Those giant construction cranes looming overhead are a sign of progress in the Tampa Bay area although they pose an unnerving sight as Hurricane Irma approaches.
But you can probably rest easy — tower cranes are designed to withstand the highest winds Tampa Bay is apt to see.
"One of the design features of tower cranes that makes them so sturdy is that they will spin just like a weather vane when the wind speeds get higher," said Scott Gerard, a vice president of Moss Construction, one of Florida's largest construction companies. "It looks a little disconcerting when you see it because you think something is wrong, but that is normal and a safety feature of cranes."
As a tropical storm nears, Gerard said, the general contractor on a project is also supposed to make certain that the vertical portion of the crane is securely fastened to the building with tiebacks. The precautions are necessary because it generally is not feasible to take down a large crane on relatively short notice.
"It could be a three or four day (process)," Scott said, "and there are only so many crews available to do that. That's why these are designed the way they are."
Huge tower cranes are currently at several sites around the bay area, including the 41-story ONE St. Petersburg condo project, the American Museum of Arts and Crafts and the 930 Central Flats apartments, all in or near downtown St. Petersburg.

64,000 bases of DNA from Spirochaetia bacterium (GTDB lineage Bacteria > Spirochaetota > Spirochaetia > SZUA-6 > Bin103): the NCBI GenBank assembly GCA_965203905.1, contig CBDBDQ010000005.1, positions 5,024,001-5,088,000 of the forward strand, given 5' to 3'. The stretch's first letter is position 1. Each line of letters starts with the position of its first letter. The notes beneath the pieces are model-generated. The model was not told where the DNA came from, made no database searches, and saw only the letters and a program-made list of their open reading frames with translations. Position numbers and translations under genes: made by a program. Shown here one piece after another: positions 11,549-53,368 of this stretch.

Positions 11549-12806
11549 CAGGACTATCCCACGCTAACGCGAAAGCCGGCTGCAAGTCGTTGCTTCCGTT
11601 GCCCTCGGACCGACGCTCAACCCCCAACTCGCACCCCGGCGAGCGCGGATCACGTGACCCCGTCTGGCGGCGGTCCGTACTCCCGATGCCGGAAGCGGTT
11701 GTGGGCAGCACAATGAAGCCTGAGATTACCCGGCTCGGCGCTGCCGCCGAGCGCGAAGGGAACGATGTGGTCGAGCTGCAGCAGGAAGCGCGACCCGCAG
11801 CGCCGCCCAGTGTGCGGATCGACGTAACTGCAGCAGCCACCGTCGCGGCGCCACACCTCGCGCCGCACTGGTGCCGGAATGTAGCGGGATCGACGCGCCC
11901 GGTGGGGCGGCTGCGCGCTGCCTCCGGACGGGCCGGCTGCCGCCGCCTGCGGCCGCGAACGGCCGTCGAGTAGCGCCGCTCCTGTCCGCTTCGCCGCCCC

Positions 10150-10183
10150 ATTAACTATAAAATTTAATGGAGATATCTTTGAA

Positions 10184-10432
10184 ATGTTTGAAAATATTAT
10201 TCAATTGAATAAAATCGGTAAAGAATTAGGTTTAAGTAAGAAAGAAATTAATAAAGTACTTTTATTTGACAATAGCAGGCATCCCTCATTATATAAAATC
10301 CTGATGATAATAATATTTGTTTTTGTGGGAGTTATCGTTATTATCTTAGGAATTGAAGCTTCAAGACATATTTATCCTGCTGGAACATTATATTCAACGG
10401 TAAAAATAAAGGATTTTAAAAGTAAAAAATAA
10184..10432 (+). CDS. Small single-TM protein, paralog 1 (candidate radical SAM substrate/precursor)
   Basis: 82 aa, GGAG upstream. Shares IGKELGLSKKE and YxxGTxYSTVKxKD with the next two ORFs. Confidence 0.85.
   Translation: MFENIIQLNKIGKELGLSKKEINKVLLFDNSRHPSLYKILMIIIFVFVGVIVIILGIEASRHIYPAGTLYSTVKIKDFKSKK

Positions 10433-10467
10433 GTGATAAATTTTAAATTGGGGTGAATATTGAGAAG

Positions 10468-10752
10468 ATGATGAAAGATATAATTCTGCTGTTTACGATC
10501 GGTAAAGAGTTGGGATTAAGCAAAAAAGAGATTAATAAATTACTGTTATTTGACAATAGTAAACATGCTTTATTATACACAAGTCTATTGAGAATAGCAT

In Tampa, cranes rise from the future sites of apartment complexes in the Channelside area and along the Hillsborough River where the Tampa Tribune building once stood.
Although cranes must meet state standards for wind loads, municipalities can adopt their own, tougher standards. Building officials in Tampa and St. Petersburg did not return calls today; an employee of St. Petersburg's Construction Services Department said building official Rick Dunn was busy contacting general contractors in regard to their hurricane safety plans.
"I'm sure that all those contractors out there that have the tower cranes and whatnot are buckling them down as best they can,'' Tampa Mayor Bob Buckhorn said. "Many of those contractors are South Florida-based. So this is not something that's new to them. But we're dealing with a storm of unprecedented capacity."
In Miami, where 22 to 25 big cranes dot the downtown skyline, city officials warned that cranes could not survive the most severe hurricane.
"These tower cranes are designed to withstand winds up to 145 miles per hour, not a Category 5 hurricane," Maurice Pons, deputy director of Miami's building department, said in a statement.
Pons said he would advise residents not to stay in a building next to a construction crane during Irma. While the horizontal arm swings around, the arm's counterbalance is heavy and poses a potential danger to adjacent buildings if the crane collapses.
Based on forecasts as of late Wednesday, Irma is projected to have maximum winds of about 130 miles an hour by the time it passes Miami and heads north.
During Super Storm Sandy in 2012, a crane atop a $1.5 billion luxury high-rise in midtown Manhattan collapsed in high winds and dangled precariously. Some buildings, including the Parker Meridien hotel with 900 guests, were evacuated as a precaution and the streets below were cleared, but there were no injuries.
Times staff writer Rick Danielson contributed to this report Contact Susan Taylor Martin at email@example.com or (727) 893-8642. Follow @susanskate